How many Asian carp does it take to establish a reproductive population in the Laurentian Great Lakes?

There has been growing attention recently about a possible new threat to the Laurentian Great Lakes ecosystem: the invasive Asian carp. You may have even seen footage of these large fish, as video of Asian carp leaping from the water and smashing into boats and anglers has made the rounds on YouTube and other media outlets. There are actually four species of Asian carp threatening the Great Lakes: Bighead Carp, Silver Carp, Black Carp, and Grass Carp. You can find out more about their ecology and natural history here.

Figure 2. The Department of Fisheries and Oceans Canada Asian carp crew holds four grass carp caught in Lake Gibson, ON.

Figure 2. The Department of Fisheries and Oceans Canada Asian carp crew holds four Grass Carp caught in Lake Gibson, ON.

Researchers from the University of Waterloo (ON, CA) and the Department of Fisheries and Oceans Canada determined that it would actually take very few individuals of either Bighead or Silver Carp to start a large reproductive population of either species. Using predictive models based on our current knowledge of Asian carp ecology, their invasion progress to date, and the ecology of the Great Lakes, researchers determined that as few as ten males and ten females could be enough to lead to a successful invasion (Cuddington et al. 2014).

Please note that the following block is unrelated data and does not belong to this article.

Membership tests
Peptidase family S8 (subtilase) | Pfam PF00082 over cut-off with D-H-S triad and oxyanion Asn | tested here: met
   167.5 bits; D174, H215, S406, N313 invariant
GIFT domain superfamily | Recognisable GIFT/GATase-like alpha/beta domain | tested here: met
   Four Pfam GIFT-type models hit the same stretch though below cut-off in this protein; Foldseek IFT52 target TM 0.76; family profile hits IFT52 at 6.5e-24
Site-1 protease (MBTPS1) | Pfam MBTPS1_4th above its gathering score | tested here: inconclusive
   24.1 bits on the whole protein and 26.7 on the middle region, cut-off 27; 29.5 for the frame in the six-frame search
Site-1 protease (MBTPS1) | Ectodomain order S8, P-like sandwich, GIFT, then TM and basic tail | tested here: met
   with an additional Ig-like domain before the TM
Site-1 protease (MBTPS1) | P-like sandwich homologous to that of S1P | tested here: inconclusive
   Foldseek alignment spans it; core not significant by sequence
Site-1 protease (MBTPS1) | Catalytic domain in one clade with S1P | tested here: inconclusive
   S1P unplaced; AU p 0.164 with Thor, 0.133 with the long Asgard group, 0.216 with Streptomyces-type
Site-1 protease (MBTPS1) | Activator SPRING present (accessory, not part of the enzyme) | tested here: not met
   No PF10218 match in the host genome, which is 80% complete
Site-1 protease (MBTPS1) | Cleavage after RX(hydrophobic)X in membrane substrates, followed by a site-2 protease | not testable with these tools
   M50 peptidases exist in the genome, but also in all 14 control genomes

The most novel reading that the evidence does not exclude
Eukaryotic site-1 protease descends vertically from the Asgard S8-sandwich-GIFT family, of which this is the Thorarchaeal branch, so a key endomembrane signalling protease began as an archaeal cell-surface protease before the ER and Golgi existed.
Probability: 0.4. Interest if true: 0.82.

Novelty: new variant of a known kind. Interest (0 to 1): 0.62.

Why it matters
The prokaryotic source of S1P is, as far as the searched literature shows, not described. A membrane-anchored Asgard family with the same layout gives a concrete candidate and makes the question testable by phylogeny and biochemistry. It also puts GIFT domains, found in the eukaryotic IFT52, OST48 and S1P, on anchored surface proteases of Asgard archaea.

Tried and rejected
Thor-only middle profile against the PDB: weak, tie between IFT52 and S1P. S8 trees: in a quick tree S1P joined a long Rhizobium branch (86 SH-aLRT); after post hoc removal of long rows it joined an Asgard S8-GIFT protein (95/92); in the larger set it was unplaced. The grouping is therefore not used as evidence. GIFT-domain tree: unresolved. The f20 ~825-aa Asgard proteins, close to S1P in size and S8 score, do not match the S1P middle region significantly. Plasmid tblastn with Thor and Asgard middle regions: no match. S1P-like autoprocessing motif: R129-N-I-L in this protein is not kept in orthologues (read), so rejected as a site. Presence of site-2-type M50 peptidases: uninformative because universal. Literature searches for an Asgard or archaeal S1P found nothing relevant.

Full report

populatino growth projections of Asian carp

Figure 3. Projected annual population growth rate for Bighead and Silver carps when age at first reproduction is 2, 3, 4, and 5. Growth rates varied with the average (mean) number of eggs per female. Taken from Cuddington et al. 2014.

However, it’s not all doom and gloom. The cooler waters of the Great Lakes may help reduce the chances of successful invasion by Asian carp. The researchers found that if these fish delay reproduction to later years of their lives due to slower growth rates observed in cooler waters, this would reduce overall population growth rate and hamper invasion success (Fig. 3).

The researchers conclude that one event leading to several adult Asian carp of the same species getting into the Great Lakes watershed could lead to establishing a healthy and reproductive population of Asian carp, demonstrating the importance of establishing quality barriers to their movement into the Great Lakes and regular monitoring.

If you think you’ve found an Asian carp in a Great Lakes watershed, there are many online sites that can help you identify the species and that provide contact information for local managers, including but not limited to:


Cuddington, K., Currie, W.J., and Koops, M.A. 2014. Could an Asian carp population establish in the Great Lakes from a small introduction. Biological Invasions 16: 903-917.

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